Language is a strange commodity. Sometimes there is within it a “play on words,” but at others there is no “play” but rather a mysterious, unexplained truth.
Let us take the example of Hamas, which according to the Council on Foreign Relations, a New York City research center, is “the largest, most influential political fundamentalist movement” in the Muslim world.
By one means or another, Hamas aims to convince the world of its deep desire to eliminate Israel, and establish there instead the 23rd religious Muslim state.
Hamas is an Arabic acronym for “Harakat al-Muqawamah al-Islamiyya,” which means “The Islamic Resistance Movement.” But “hamas” is also an Arabic word that means “zeal.”
Although Arabic and Hebrew are sister languages, the Hebrew meaning of “chamas” is “violence,” according to the Hebrew-English volume of Reuben Alcalay’s Hebrew-English, English-Hebrew dictionary. “Cruelty” and “injustice” are additional definitions, but not “zeal.”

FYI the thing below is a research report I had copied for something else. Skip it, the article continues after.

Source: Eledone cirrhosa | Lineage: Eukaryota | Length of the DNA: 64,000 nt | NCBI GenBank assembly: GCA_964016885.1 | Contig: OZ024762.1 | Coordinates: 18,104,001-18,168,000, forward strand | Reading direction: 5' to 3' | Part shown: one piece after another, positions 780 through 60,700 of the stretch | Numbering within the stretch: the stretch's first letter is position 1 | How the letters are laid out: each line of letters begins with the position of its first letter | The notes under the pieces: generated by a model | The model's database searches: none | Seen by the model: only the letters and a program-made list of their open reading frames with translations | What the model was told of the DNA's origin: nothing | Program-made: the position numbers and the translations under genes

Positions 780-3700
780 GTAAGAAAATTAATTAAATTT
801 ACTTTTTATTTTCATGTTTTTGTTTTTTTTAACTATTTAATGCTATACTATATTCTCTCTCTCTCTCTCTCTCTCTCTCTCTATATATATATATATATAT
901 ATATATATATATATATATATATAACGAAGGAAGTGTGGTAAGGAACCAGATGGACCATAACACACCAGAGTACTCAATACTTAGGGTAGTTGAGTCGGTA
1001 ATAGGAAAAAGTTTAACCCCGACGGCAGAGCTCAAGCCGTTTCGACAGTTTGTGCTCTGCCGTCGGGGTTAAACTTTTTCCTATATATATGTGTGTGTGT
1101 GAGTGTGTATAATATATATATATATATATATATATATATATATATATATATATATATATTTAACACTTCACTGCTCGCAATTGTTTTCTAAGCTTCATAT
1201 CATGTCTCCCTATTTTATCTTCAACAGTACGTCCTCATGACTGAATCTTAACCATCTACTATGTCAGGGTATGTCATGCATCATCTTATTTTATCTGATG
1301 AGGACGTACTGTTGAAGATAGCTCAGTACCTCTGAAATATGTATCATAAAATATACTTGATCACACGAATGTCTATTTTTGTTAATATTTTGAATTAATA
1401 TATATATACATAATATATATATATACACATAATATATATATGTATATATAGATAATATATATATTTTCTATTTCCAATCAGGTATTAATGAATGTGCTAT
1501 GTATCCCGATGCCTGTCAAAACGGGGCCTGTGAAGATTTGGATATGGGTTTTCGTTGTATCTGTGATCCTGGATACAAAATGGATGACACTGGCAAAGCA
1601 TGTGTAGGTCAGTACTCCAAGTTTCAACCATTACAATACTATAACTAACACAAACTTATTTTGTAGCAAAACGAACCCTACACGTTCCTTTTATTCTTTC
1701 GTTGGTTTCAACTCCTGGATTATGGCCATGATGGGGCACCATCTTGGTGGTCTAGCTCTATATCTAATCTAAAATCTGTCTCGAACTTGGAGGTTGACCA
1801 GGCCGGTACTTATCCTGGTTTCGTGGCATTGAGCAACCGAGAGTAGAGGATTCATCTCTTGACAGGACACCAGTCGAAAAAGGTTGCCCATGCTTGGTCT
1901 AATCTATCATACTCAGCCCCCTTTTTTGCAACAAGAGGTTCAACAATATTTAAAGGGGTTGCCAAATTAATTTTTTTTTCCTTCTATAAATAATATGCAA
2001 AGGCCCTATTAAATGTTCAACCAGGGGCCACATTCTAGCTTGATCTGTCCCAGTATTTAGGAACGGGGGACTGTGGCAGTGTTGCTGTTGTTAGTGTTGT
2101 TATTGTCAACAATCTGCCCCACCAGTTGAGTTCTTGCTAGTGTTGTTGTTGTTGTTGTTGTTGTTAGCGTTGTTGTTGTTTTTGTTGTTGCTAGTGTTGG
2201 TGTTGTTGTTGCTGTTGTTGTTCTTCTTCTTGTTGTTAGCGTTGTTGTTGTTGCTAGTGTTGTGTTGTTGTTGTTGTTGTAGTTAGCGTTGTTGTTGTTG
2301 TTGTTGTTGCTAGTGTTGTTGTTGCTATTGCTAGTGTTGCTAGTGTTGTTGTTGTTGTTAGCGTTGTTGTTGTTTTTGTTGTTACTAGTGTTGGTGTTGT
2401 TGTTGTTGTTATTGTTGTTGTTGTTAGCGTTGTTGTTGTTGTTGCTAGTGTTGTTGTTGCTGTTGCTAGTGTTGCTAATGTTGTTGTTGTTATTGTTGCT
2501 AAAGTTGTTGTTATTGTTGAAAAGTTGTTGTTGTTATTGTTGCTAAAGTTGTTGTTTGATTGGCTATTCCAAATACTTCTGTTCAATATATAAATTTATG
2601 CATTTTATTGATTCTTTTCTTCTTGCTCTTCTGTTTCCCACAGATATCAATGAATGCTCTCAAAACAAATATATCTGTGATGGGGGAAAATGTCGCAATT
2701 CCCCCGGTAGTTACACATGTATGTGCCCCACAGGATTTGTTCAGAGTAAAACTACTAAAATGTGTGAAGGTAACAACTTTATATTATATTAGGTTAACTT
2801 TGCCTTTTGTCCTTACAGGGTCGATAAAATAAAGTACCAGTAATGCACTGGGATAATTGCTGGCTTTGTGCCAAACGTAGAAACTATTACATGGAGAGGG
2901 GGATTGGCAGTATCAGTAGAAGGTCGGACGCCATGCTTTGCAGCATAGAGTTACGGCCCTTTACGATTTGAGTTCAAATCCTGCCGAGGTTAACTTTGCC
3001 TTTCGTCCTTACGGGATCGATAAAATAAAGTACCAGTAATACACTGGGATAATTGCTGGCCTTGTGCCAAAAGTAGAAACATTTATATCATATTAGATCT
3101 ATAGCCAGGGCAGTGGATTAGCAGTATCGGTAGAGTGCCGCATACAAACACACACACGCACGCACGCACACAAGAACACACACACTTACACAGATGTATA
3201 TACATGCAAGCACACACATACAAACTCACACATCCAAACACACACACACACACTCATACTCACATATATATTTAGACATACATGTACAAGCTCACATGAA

Truth is thus stranger than fiction. For Israel and for Jews everywhere, chamas indeed means violence, in its terrorist form.
A second curiosity of language: In Spanish the word “jamas” pronounced the same way as in Hebrew, means “ever” and “forever.” In their zeal to eliminate Israel from the face of the earth, a vow they regularly and ardently proclaim, Hamas terrorists leave no doubt in anyone’s mind that they will never ever cease their efforts to do so.
Such odd and curious word meanings, however frequently they occur, remain mysteries that are inexplicable, irrespective of language.
M artin H. Sable, Ph.D., is professor emeritus of Spanish and information science at the University of Wisconsin-Milwaukee; and former research professor at the University of California-Los Angeles Latin American Center.